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Defence To Seek A Mistrial In Hales Murder Case PDF Print E-mail
Written by Fraser Needham   
Friday, 29 August 2014 16:25

The defence in the Douglas Hales murder trial has made it clear it will be seeking a mistrial when the two sides return to a Saskatoon courtroom next month.

Hales is on trial for first-degree murder in the death of 25-year-old Daleen Bosse of Onion Lake Cree Nation who was last seen in May 2004.

Justice Gerald Allbright had been scheduled to render a decision in the trial Friday but this has been delayed due to a Supreme Court ruling on Mr. Big undercover police sting operations last month.

In overturning the murder conviction of a Newfoundland man, the nation’s highest court found police relied too heavily on Mr. Big techniques of inducements and veiled threats to obtain a confession.

Undercover RCMP officers used a Mr. Big operation to solicit a murder confession out of Hales in 2008.

Defence lawyer Bob Hrycan says based on recent the Supreme Court ruling, a mistrial is the most logical way to proceed.

“Our position is that when the law changes this significantly and this dramatically, it’s almost impossible to revisit the evidentiary landscape of a trial,” he says.

However, prosecutor Matt Miazga says the Crown believes the case against Hales remains as strong as it was before the Supreme Court ruling.

He also says the Hart case in Newfoundland and the case against Hales are not similar.

In the Hart case, it was never clear whether a murder had actually occurred.

Hales led police to Bosse’s remains and has admitted to burning her body.

This latest twist is only one of several delays in the trial.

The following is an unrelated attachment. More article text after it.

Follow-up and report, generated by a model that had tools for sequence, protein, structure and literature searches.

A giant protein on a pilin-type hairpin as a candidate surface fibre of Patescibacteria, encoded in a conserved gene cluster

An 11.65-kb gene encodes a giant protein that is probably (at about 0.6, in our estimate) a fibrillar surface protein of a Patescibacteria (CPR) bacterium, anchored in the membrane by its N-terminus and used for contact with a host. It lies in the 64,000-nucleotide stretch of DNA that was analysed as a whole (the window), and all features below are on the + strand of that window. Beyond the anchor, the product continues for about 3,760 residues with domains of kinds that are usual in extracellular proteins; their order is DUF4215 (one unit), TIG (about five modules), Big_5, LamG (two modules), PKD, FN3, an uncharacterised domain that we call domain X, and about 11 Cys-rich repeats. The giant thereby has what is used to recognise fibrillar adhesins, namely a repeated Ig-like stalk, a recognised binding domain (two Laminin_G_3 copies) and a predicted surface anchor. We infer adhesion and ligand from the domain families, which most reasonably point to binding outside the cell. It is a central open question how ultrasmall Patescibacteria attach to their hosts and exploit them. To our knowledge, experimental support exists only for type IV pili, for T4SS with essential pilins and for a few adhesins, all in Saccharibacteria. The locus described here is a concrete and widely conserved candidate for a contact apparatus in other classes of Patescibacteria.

It took the trial six years to go to court after Hales was arrested in 2008 as he proceeded to fire and change a number of lawyers.

Miazga says Bosse’s family is eager to see a decision in the case but at the same time they understand the reasons for this latest delay.

“I think they understand that it’s important to go though things carefully and I think they realize it’s better to wait another few weeks, get things done correctly, have a proper decision – than rush through something, come up with a verdict that may not be appeal proof, so to speak, and then end up having a new trial a year or two down the road,” he says. “So, I think they understand this is important to go through things carefully.”

Aside from a mistrial, Justice Allbright could choose to re-open the existing trial.

Or, after hearing arguments by the Crown and defence on the Supreme Court ruling on Sept. 22, he could decide to render a decision at this time.

A number of friends and family of Bosse who were in court Friday were wearing t-shirts with the logo “Honouring Our Sisters: Missing but not forgotten” on them.

 
Coroner's Inquest Into Death Of PA Man Shot By Police To Start Next Month PDF Print E-mail
Written by Joel Willick   
Friday, 29 August 2014 16:22

A public inquest into the death of Ryan Natomagan-Nelson has been scheduled for September in Prince Albert.

The 26-year-old man was fatally shot in an altercation with Prince Albert police in 2013.

Two police officers had entered a building on July 9 when Natomagan-Nelson confronted them with a knife.

It is believed both police officers fired their guns.

Natomagan-Nelson was taken to Victoria Hospital and later pronounced dead.

In the inquest, the chief coroner will establish the circumstances around his death and make recommendations to prevent similar deaths in the future.

The inquest will run through Sept. 8-12 at the Prince Albert Travelodge.

Coroner Brent Gough of Saskatoon will preside.

 
Deshcarme Lake Métis Local Says It Is Not Be Properly Consulted On Exploration Activities PDF Print E-mail
Written by Joel Willick   
Friday, 29 August 2014 16:19

A Métis local in northern Saskatchewan is voicing concerns over not being consulted on exploration activities on traditional territories.

Several citizens and dignitaries from Descharme Lake met on Aug. 25 to discuss what they say is a troubling trend of companies disturbing their lands without permission from local citizens.

Métis local president Delphine Montgrand says it is unacceptable how the government is ignoring their concerns and not consulting them on issues.

He says the government needs to stand by laws which require all Métis Nations and First Nations to be consulted on any impacts to their traditional territories.

In the meeting, the Dene Métis citizens said action must be taken to ensure their rights are respected.

They say they are willing to talk with the government on these concerns so everyone can benefit from development but the time for inaction has passed.

 
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